As a student on the pit crew for that robot I distinctly recall checking battery voltages after matches (where the robot was driven a lot) and reading 9-10V floating on the battery.

The big SNAFU with that robot is that we used worm gears to get lots of gear reduction in the small space on our swerve modules, and if anything was a tiny bit out of alignment the drag from those gear-sets could cause ~40-60A no-load draw, and it could be more if the steering motors were active.

Are you sure it was 8 CIM’s?

Is that your final answer :wink:

The CIM’s each only draw how much power is required to accelerate the bot. 3 CIMs only become useful if your robot is playing tug-of-war (or push of war) :D. The CIMs are rated at 67A/hr? That doesn’t mean that they will always use 67 amps. That is what will happen on full load, and I think you have other things to worry about by then! :wink:

We ran in our 3 CIM gearboxes over the weekend. Measured with a DC clamp on ammeter the total currrent draw for all 3 motors on an unloaded transmission was 9.2 amps. The funny thing is when checked individually 1 motor was pulling 4.4 amps, the next was at 3.3 amps and the 3rd was at 1.5amps.

When the next transmission was run in we found similar readings as well. The same motor positions in both transmissions had the same basic readings inasmuch that they went from a high current draw to a lower current draw based on their mounting position. The readings only varied by a few tenths of an amp.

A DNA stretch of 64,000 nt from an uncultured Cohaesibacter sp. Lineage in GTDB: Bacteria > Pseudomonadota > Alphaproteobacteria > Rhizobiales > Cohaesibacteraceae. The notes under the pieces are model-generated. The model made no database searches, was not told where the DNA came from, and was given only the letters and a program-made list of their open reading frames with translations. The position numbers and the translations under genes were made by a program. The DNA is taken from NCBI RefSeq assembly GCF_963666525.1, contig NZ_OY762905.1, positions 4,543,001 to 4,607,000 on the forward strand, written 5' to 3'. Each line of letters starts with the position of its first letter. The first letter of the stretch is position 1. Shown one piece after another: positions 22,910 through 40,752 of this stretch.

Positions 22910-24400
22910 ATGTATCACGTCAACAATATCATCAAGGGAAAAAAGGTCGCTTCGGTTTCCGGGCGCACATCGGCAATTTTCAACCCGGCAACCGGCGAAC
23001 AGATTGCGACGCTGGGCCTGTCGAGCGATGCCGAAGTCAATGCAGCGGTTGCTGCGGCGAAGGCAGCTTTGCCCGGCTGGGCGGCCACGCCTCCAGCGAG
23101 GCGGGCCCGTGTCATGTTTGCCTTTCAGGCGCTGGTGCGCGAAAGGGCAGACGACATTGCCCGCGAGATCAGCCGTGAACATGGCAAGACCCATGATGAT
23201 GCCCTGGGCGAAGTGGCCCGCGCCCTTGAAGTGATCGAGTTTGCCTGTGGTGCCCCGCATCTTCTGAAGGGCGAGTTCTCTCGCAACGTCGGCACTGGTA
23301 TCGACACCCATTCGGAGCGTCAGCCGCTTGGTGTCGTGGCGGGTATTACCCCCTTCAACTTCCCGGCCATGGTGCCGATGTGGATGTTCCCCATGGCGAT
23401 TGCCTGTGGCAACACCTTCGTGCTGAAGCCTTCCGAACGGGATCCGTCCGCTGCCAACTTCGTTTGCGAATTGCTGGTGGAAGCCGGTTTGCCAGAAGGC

After checking gear lash there were no significant differences when run again. These are the AndyMark 3 CIM upgrades for the AM14U chassis…

Straight up wrong. We’re rocking 3 CIMs in our DT and have 0 intent on pushing anyone. They provide more torque which allows faster acceleration given proper gearing. And let me just say, this beast drives far different than anything I’ve played with.

Caveat lector:

The CIM’s each only draw how much power is required to accelerate the bot. 3 CIMs only become useful if your robot is playing tug-of-war (or push of war) . The CIMs are rated at 67A/hr? That doesn’t mean that they will always use 67 amps. That is what will happen on full load

… The rest of the post was straight up wrong as well.

The past three years I’ve been involved with a couple teams using 6 motor drives:

2011

Cybergnomes#2013: 4x CIM + 2x RS775 on Single speed 8x8 drivetrain, 1xRS550 arm stage 1, 1xRS375 arm stage 2, pneumatic gripper.

2012

Cybergnomes#2013: 4x CIM + 2x RS775 on Single speed 8x8 drivetrain, 2x RS550 shooter, 1x AM9012 Conveyor, 1x Window motor pickup retract, 1x RS545 feeder, 1x RS375 Azimuth control.

Ramferno#3756: 4x CIM + 2x FP0673 on single speed 10x10 drivetrain, 2x RS550 shooter, 1x window motor feeder, 1x RS550 conveyor, pneumatic pickup retract.

2013

Cybergnomes#2013: 6 CIM drive single speed on 6x6 drivetrain, 2 MiniCIM on climber, 1 MiniCIM Shooter, BAG Motor Azimuth control.